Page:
The corresponding figures for BHP Billiton are US$1,047 million in 2013 down to US$716 million. That’s the sort of money these companies are already spending, trying to find new terrestrial deposits. So, the absolute scale of an investment in space mining is not beyond existing mining companies.

Things are similar in terms of time frames. Mining operations last for decades. So neither the costs nor the time-frames are prohibitive. As we see, the asteroid mining companies are already getting into space. It’s happening, and it’s being funded.

So, where are the immediate problems? For one thing, the study that told us to use the iron ore in space rather than return it to Earth assumed a market in space.

For high-value commodities, like rare earth minerals or platinum group metals, there may be a case for return to Earth, but certainly, the "common" resources that could be mined in space are best used there.

The common argument is that it costs about US$20,000 per kilogram to launch to deep space from Earth, so if you can produce that kilogram in space for less than $20,000, you’re ahead.

In fact, SpaceX publishes its launch costs on its website. Currently, for its Falcon 9, that figure is about US$12,600. But a market does not exist at present, and may need an artificial demand to kick it off (e.g. someone like NASA could contract for a delivery of water on-orbit).

This dilemma was recently debated at SpaceUp Australia. Without that kick-start, early demand for water may come from space tourism, but the most likely place for this type of economy to kick off is probably satellite refuelling. Water can be split into hydrogen and oxygen, which can be used to fuel satellites.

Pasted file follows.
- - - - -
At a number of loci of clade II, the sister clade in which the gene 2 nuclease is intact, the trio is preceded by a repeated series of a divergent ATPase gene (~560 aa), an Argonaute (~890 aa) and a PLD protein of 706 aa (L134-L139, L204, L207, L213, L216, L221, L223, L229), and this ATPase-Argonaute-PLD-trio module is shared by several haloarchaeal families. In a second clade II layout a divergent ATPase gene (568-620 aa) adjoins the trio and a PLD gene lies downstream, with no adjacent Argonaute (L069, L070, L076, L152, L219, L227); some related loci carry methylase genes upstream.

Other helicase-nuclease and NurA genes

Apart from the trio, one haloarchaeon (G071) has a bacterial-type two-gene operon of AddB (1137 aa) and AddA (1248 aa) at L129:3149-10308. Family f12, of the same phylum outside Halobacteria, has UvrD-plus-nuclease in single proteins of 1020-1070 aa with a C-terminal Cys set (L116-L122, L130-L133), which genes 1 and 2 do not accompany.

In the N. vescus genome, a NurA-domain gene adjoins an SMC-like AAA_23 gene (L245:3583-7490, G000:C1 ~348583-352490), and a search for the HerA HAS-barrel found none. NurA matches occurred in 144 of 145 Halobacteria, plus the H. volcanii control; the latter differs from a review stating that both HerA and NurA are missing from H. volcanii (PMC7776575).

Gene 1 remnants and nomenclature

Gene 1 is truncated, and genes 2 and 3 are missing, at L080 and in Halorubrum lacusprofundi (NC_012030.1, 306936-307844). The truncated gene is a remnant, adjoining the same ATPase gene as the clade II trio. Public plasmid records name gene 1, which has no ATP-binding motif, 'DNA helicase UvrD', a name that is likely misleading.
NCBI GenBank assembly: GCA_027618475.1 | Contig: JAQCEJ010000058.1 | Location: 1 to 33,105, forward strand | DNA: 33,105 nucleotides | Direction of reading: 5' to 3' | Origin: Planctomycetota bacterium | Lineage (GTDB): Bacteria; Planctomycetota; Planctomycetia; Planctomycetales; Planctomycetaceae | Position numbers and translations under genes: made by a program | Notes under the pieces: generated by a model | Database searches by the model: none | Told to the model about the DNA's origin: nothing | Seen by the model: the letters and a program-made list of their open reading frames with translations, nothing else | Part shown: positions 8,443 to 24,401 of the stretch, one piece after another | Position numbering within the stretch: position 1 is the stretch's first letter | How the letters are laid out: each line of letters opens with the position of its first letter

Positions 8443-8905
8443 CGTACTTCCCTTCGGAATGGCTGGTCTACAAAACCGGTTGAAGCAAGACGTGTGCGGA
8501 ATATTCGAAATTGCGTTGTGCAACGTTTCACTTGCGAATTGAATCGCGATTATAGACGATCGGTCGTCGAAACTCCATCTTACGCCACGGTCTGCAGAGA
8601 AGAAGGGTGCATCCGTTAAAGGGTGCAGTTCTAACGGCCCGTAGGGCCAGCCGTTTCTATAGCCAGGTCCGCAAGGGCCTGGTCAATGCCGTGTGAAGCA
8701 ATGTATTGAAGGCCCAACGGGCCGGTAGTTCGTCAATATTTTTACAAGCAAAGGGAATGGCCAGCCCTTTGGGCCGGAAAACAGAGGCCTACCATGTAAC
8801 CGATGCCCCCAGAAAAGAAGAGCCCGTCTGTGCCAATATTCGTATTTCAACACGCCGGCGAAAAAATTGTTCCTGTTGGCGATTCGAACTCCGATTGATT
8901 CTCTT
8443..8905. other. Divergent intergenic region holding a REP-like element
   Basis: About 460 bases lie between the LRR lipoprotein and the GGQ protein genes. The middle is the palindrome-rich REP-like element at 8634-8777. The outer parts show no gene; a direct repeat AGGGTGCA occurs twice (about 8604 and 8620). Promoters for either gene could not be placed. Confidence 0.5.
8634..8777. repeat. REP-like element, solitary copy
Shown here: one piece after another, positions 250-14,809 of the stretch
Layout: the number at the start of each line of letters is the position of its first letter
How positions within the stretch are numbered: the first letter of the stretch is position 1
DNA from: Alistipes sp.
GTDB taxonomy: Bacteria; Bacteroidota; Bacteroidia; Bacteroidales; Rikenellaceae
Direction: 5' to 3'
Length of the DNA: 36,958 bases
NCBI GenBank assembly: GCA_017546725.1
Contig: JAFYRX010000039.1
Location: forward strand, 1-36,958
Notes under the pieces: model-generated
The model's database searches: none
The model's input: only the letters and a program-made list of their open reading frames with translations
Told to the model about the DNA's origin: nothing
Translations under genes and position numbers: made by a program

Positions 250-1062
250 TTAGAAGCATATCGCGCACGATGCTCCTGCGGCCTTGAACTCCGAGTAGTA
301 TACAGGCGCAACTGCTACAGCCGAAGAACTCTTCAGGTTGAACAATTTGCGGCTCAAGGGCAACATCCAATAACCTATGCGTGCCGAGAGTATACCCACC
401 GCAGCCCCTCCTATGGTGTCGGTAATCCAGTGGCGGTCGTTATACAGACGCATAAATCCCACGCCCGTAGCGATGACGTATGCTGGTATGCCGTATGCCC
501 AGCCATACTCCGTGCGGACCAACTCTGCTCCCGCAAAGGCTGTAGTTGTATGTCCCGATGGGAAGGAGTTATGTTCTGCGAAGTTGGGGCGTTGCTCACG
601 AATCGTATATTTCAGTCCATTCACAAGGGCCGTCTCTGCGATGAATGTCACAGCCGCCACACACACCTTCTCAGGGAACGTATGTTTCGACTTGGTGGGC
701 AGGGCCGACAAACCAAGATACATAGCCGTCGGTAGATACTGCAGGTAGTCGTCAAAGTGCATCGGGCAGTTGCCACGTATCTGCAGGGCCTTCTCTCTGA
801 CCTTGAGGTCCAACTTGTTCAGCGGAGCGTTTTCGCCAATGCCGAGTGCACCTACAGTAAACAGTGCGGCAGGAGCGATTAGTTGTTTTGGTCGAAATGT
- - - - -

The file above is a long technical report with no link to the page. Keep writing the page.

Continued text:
World peace or wild west?

In terms of world peace, there are a number of problems with the US Space Act (variously discussed here, here, here, and here), including that the law is not necessarily consistent with existing treaties, is likely to be ignored by other countries, and is unenforceable.

A bus could drive through the existing treaties and not touch the sides, so there is a lack of uncertainty about what can and can’t be done, or enforced. My own view on this is that it will be the wild west out there until the slow processes of the law finally catch up with reality off the ground.

As far as world peace goes, I think things in space will get worse before they get better (space piracy, anyone?). But once order is established, there is every possibility that deGrasse Tyson is right, perhaps in less than 100 years.

The world leaders on all of these contentious topics, as well as representatives from the off-earth mining companies will be meeting to debate these issues at the second Off-Earth Mining Forum, to be held in Sydney in November.

To maximise interaction between space experts and mining experts, the event has been co-located with the third Future Mining Conference. Members of the public are welcome to attend and get a sense of whether deGrasse Tyson might be right.

The Conversation

Andrew Dempster is director of the Australian Centre for Space Engineering Research and professor of the School of Electrical Engineering and Telecommunications at UNSW Australia.

This article was originally published on The Conversation. Read the original article.